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In the last few decades, people around Europe have experienced many changes in their environment, mainly political and technological. We have been focused on pushing boundaries, but it is only recently that we have started to focus our attention on what is actually supporting our evolution: nature.
It is now evident that our activities have affected our surroundings, as human kind expanded its living area and explored new technologies. Even though it is slowly, but continuously changing, there are some alterations ai??i?? both natural or man-made – that affect our day-to-day activities.
This can be seen by some recent extreme weather in Europe and elsewhere. Against these kind of unusual weather events, people are only now starting to looking for solutions and developing environmental friendly policies.
Heatwaves and Droughts
One can see the effect of climate change all around Europe and on our society. Heatwaves and droughts are already making themselves felt in Southern Europe. Happening every year in the last decade, heatwaves are increasing in length, causing thousands of deaths and severe drought periods.
According to research conducted by the UK Met Office, in the beginning of the 21st century, the probability of having an extremely hot summer has increased from once every 50 year to once every five years. As proof we can look at the heatwaves of 2003, 2006 and 2015.
In 2003, countries from Central and Western Europe registered their hottest temperatures, and around 70,000 people died as a result of this phenomenon. Energy consumption has also risen, due to the usage of cooling systems.Ai?? Agriculture has also been affected by increasing temperatures. Crops are now more likely to be destroyed if proper irrigation systems are missing.
Lately, scientific research indicates that climate change is the cause for the powerful storms hitting Europe. These storms are likely to last longer, with more winds and be of higher intensity.
The storms are happening due to the higher ocean temperatures resulting from the general global warming. They are getting energy from warm water, that can be found nowadays in the seas and the ocean surrounding Europe. It is becoming more and more common to feel winds around Europe with a speed of over 100 km/h, damaging the coast of Britain, the Netherlands and Germany.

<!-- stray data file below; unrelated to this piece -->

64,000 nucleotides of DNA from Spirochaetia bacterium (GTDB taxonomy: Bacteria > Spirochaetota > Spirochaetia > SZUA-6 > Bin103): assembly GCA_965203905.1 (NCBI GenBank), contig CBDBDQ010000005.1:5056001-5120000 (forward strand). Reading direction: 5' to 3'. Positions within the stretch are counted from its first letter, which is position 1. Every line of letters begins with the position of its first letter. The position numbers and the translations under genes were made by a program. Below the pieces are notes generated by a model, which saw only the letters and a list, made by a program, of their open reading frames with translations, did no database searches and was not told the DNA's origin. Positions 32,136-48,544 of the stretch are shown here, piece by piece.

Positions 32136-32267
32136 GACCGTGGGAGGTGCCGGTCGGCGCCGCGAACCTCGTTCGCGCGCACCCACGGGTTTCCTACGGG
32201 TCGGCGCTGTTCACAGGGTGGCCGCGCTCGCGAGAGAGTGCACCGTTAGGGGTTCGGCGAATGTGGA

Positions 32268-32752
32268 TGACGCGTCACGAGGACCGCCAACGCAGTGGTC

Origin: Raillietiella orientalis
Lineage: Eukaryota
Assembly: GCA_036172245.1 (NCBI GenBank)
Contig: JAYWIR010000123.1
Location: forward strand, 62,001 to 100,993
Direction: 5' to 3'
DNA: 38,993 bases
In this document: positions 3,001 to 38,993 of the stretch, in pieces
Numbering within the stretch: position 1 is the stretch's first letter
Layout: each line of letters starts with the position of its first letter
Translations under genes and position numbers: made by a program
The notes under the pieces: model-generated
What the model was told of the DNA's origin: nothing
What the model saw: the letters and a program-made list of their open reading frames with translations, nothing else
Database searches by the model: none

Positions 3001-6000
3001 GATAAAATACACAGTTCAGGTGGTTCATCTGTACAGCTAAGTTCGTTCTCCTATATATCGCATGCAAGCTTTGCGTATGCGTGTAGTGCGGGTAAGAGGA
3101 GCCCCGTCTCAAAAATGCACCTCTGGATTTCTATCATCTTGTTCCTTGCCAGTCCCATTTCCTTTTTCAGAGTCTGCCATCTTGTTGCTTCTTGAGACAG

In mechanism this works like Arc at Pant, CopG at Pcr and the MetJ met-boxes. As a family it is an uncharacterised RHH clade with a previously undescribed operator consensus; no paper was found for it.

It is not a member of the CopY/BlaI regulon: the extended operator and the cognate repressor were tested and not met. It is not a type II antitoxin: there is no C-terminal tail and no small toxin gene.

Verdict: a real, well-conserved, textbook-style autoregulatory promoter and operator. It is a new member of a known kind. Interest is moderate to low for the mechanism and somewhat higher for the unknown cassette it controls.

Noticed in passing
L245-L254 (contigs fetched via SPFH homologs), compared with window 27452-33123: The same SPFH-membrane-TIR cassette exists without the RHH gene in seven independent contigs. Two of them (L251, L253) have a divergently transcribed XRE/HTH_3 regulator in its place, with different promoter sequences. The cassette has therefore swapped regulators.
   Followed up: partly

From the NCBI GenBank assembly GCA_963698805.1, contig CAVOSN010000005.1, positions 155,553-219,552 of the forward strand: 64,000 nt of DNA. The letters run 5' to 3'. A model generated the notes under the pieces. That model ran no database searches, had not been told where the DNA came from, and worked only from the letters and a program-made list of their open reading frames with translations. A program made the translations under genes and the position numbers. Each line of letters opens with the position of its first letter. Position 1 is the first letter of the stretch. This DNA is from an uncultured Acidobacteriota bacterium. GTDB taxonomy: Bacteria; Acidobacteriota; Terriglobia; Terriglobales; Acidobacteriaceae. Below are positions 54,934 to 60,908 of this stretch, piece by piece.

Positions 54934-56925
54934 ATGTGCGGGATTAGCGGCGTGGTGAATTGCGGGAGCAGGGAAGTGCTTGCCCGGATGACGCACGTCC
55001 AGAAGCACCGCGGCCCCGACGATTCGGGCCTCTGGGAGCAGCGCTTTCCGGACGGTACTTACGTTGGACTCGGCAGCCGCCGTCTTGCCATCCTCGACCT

After every extreme weather phenomenon, the statistics count tens of deaths and damages of millions euros.
Investigations by institutes,Ai?? such as the Norwegian Meteorological Institute, lead to the conclusion that human activity was a cause of a more profound and rapid change.
During the last decade experts have measured the warmest record in Europe, with a temperature increase of 1.3 degrees compared to the pre-industrial average. This is leading to a warmer and dryer Southern Europe and a Northern Europe with more precipitation, and more floods.
It has been recorded that birds in Lithuania deceived by the milder winters, didnai??i??t head south and died when the real cold hit the country. Also, trees have started to bloom during winter time, thus increasing the possibility of destroying crops once the temperatures went back to their normal values.
The threats due to climate change have been acknowledged by many European countries. Countries which produce 10% of the total gas emission, one cause of the changes, have created programmes aimed to reduce emissions and increase the usage of renewable energy.
Some of the member countries have prepared National Climate Change Adaptation Strategies, in order to better anticipate the effects of climate change. Last but not least, in April 2013, the European Commission published a key proposal for an EU adaptation strategy, through which they promote action by member states, and better informed decision making.
Climate change is happening and we can see the effects around us, in each and every season. Countering the effects is a long painstaking process, but through climate adaptation strategies we can decrease the impact upon our society.
Header image: Patrick Kelley, U.S. Coast Guard Arctic (Creative Commons)